1. The tactical instructor, or dedicated concealed carry enthusiast. This person shoots regularly, spends a measurable portion of his/her income on equipment, ammunition, and training. He estimates that this person comprises 10% of CCW holders.
2. The average citizen, John or Jane Smith. This person takes the class, gets the license, and tries to stay current on equipment and range time. They might get to the range twice a year, They're intelligent, raising a family, working a job, and trying to keep it all together. They pay attention to the law, and try to stay current on the ever-changing legal regime that we live in. This portion of the CCW populaiton is about 80%.
3. The Borderline Ignorant Concealed Carrier. This person went to one class, bought a gun and a box of ammo. He or she took the class, and that's it. For whatever reason, this person moves mentally away from keeping current on the law, and may be careless or even dangerous in their gun-handling skills. Hopefully, this segment occupies less than 10% of the sample.
After defining the population, (and I think that his assumptions on the population are valid, even if we disagree with the precise percentages), he morphs into equipment/ammo choices. He brings out the old tropes of revolver vs semi-auto, and practice ammo vs "self-defense" ammo. THen he talks about the practice of some folks who keep a magazine of "self-defense" ammo and runs FMJ at the range trips, with the added problem of bullet set-back when a single cartridge is chambered repeatedly.
It's a pretty good article, and then he asks a question for which he never posits an answer:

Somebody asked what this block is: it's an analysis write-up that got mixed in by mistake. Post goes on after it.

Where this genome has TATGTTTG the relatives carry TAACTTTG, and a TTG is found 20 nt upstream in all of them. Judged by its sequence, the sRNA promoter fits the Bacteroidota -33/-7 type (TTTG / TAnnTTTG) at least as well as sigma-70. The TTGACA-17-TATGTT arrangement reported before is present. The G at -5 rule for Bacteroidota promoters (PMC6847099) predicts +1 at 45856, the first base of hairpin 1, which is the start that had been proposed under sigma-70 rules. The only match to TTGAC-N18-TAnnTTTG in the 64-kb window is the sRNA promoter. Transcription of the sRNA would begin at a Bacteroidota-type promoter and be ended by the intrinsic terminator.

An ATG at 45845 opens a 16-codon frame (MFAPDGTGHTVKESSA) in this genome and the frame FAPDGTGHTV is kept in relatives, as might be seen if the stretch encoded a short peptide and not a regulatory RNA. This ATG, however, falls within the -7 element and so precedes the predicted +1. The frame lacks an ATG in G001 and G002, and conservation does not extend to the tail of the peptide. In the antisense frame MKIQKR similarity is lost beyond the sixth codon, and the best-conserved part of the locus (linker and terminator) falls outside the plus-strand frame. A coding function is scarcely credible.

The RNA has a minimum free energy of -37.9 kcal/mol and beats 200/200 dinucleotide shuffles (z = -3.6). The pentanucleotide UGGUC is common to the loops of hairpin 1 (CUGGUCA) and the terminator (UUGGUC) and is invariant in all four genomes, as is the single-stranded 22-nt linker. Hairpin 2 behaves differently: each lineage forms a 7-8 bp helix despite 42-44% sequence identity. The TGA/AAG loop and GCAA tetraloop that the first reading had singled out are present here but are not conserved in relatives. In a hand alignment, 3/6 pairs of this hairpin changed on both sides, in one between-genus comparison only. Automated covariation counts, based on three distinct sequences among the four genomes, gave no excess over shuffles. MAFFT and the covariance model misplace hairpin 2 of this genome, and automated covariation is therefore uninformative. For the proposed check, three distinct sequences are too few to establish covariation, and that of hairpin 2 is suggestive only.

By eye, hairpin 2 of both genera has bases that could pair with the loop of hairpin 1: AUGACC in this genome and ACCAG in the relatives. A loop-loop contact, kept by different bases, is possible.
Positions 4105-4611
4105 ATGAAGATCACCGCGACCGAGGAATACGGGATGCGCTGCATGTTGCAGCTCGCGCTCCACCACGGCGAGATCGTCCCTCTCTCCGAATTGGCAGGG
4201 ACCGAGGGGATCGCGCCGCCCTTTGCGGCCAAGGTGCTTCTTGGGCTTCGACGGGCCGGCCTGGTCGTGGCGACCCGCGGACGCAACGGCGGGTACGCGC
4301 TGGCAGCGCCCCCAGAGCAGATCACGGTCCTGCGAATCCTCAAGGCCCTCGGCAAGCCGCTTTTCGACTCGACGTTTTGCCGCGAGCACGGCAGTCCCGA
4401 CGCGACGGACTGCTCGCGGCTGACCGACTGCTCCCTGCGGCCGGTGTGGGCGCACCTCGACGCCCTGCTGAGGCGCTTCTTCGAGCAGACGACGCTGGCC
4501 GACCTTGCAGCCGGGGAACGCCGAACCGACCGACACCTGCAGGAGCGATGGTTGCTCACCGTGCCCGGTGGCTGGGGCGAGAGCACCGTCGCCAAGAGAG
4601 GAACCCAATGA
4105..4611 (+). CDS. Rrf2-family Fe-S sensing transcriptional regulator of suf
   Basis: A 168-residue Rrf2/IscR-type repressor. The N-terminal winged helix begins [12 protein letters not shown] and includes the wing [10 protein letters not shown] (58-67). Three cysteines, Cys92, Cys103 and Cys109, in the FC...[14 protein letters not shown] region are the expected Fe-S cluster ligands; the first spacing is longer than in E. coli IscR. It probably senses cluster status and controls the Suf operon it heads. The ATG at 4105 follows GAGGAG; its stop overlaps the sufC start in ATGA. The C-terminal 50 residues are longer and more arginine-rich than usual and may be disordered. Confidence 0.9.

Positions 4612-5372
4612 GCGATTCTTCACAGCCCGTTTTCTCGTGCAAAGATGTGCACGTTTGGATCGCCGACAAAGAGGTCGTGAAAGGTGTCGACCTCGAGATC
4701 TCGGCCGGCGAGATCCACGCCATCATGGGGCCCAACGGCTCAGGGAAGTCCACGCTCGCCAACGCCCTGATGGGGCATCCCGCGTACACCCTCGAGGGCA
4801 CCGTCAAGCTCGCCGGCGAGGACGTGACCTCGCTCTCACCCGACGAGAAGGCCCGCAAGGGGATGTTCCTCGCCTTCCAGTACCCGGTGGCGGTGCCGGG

When buying a new carry gun, you purchase a couple hundred rounds of FMJ, and then that box of 25 “Self-Defense” ammunition. And for what I ask?My answer is simple: Because that's the current state of affairs. In 1986, the Miami Shootout happened, where FBI agents were pitted against two violent suspects and the resulting carnage changed the way we look at gunfights. For better or worse, the FBI began conducting tests, publishing results, and millions of reams of paper (and billionsof electronic pixels) have since been used to debate the question.
When I say everything changed, I mean everything. Even the .40 SW cartridge was designed as a direct result of the lessons learned after that shootout. Law enforcement agencies began adopting semi-auto pistols, ammo companies started designing better bullets. Premium lines of self-defense ammo came into production.
Today, it's common practice to have two styles of ammo. Good, hot self-defense ammo, and reasonably priced range ammo. The practice is what it is. Personally, I understand the logic of shooting good ammo and once a year or so, shooting the self-defense ammo, and buying fresh loads. That's good practice, but for that great middle ground of shooters, the average J. Smith, they might have forgotten to replenish their supply. The ammo in their gun might be two, three, or five years old. That will probably never be a problem. Good ammo normally will last for several decades before deteriorating. I've shot ammo that was fifty years old, with nary a problem.
The simple truth is that the vast majority of CCW holders will go their whole lives with never the opportunity to use their weapons in a self-defense hooting, and for that I am mightily happy. And, frankly, I'd rather have ten-thousand good, honest, law-abiding citizens carrying whatever they carry, regardless of what brand/caliber/action type/ or brand of ammo they carry. That sure knowledge makes the criminals nervous.
God forbid that you're ever in a fight for your life, but in that rare circumstance, the record will probably reflect that the gun and ammo you have with you is better than the one you left at home.
Now, if you'll excuse me, I have to go reload some range ammo.